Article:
Project description:BACKGROUND: Biological knowledge is represented in scientific literature that often describes the function of genes/proteins (bioentities) in terms of their interactions (biointeractions). Such bioentities are often related to biological concepts of interest that are specific of a determined research field. Therefore, the study of the current literature about a selected topic deposited in public databases, facilitates the generation of novel hypotheses associating a set of bioentities to a common context. RESULTS: We created a text mining system (LAITOR: Literature Assistant for Identification of Terms co-Occurrences and Relationships) that analyses co-occurrences of bioentities, biointeractions, and other biological terms in MEDLINE abstracts. The method accounts for the position of the co-occurring terms within sentences or abstracts. The system detected abstracts mentioning protein-protein interactions in a standard test (BioCreative II IAS test data) with a precision of 0.82-0.89 and a recall of 0.48-0.70. We illustrate the application of LAITOR to the detection of plant response genes in a dataset of 1000 abstracts relevant to the topic. CONCLUSIONS: Text mining tools combining the extraction of interacting bioentities and biological concepts with network displays can be helpful in developing reasonable hypotheses in different scientific backgrounds.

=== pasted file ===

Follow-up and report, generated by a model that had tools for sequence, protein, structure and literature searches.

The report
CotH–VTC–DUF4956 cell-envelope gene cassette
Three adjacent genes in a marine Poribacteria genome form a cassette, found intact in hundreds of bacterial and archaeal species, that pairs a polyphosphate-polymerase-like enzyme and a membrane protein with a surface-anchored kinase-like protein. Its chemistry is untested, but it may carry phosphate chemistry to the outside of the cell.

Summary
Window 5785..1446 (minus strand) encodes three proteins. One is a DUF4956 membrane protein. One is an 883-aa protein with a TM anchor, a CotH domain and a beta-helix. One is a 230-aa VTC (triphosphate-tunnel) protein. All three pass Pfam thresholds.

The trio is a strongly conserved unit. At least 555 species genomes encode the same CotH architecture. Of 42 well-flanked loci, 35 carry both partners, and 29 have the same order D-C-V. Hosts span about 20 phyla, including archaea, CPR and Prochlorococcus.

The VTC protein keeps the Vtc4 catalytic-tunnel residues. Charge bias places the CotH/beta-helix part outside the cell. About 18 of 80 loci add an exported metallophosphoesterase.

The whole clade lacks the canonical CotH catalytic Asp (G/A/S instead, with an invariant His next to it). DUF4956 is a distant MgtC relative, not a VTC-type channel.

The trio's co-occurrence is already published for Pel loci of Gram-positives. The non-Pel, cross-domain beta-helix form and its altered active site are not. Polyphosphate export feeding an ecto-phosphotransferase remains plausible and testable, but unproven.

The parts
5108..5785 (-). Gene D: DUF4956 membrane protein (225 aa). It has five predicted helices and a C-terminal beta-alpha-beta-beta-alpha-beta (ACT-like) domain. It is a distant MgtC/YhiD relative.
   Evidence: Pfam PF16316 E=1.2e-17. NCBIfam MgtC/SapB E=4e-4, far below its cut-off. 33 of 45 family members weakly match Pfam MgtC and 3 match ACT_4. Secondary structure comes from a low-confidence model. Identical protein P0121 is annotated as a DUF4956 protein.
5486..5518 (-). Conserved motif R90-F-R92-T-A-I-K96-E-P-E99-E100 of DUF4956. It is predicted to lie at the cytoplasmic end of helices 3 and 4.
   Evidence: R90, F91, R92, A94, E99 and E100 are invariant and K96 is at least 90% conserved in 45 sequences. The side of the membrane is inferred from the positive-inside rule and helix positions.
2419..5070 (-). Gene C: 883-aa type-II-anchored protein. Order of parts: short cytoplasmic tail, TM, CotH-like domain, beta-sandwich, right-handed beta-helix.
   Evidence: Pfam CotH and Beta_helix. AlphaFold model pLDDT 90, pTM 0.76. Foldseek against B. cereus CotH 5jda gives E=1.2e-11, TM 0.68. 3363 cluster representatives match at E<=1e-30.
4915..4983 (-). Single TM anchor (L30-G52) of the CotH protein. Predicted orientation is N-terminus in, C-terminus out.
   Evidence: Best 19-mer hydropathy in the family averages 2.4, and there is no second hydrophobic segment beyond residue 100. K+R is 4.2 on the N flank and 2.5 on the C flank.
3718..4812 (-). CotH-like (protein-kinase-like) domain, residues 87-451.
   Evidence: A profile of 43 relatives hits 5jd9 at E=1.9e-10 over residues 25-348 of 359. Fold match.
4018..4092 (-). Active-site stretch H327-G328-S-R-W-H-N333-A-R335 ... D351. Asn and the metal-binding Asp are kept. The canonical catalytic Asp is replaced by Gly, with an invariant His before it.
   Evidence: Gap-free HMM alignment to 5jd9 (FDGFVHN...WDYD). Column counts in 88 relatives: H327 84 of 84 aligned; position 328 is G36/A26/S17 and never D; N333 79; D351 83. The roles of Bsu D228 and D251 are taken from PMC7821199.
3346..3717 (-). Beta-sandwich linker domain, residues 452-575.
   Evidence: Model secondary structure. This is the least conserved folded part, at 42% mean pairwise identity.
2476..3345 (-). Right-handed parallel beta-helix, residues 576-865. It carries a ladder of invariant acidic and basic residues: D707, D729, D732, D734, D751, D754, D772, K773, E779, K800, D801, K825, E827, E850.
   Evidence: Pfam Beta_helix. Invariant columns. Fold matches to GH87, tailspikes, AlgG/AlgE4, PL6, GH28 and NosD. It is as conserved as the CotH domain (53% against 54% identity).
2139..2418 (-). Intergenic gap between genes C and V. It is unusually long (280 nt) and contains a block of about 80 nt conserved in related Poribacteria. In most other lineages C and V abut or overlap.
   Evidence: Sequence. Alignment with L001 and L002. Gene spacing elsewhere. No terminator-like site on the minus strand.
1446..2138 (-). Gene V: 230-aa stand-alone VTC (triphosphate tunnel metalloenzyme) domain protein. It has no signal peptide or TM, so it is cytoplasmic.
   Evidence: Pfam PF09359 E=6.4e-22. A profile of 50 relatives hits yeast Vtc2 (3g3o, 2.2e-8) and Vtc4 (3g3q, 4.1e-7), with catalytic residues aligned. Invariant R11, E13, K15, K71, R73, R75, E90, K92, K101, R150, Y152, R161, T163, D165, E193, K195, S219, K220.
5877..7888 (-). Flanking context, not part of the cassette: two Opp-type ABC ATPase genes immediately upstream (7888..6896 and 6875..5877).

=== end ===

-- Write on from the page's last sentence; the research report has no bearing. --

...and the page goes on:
Project description:Adverse drug reactions (ADRs) pose critical public health issues, affecting over 6% of hospitalized patients. While knowledge of potential drug-drug interactions (DDI) is necessary to prevent ADR, the rapid pace of drug discovery makes it challenging to maintain a strong insight into DDIs. In this study, we present a novel literature-mining framework for enhancing the predictions of DDIs and ADR types by integrating drug-gene interactions (DGIs). The ADR types were adapted from a DDI corpus, including i) adverse effect; ii) effect at molecular level; iii) effect related to pharmacokinetics; and iv) DDIs without known ADRs. By using random forest classifier our approach achieves an F-score of 0.87 across the ADRs classification using only the DDI features. We then enhanced the performance of the classifier by including DGIs (F-score?=?0.90), and applied the classification model trained with the DDI corpus to identify the drugs that might interact with the drugs for cutaneous diseases. We successfully predict previously known ADRs for drugs prescribed to cutaneous diseases, and are also able to identify promising new ADRs.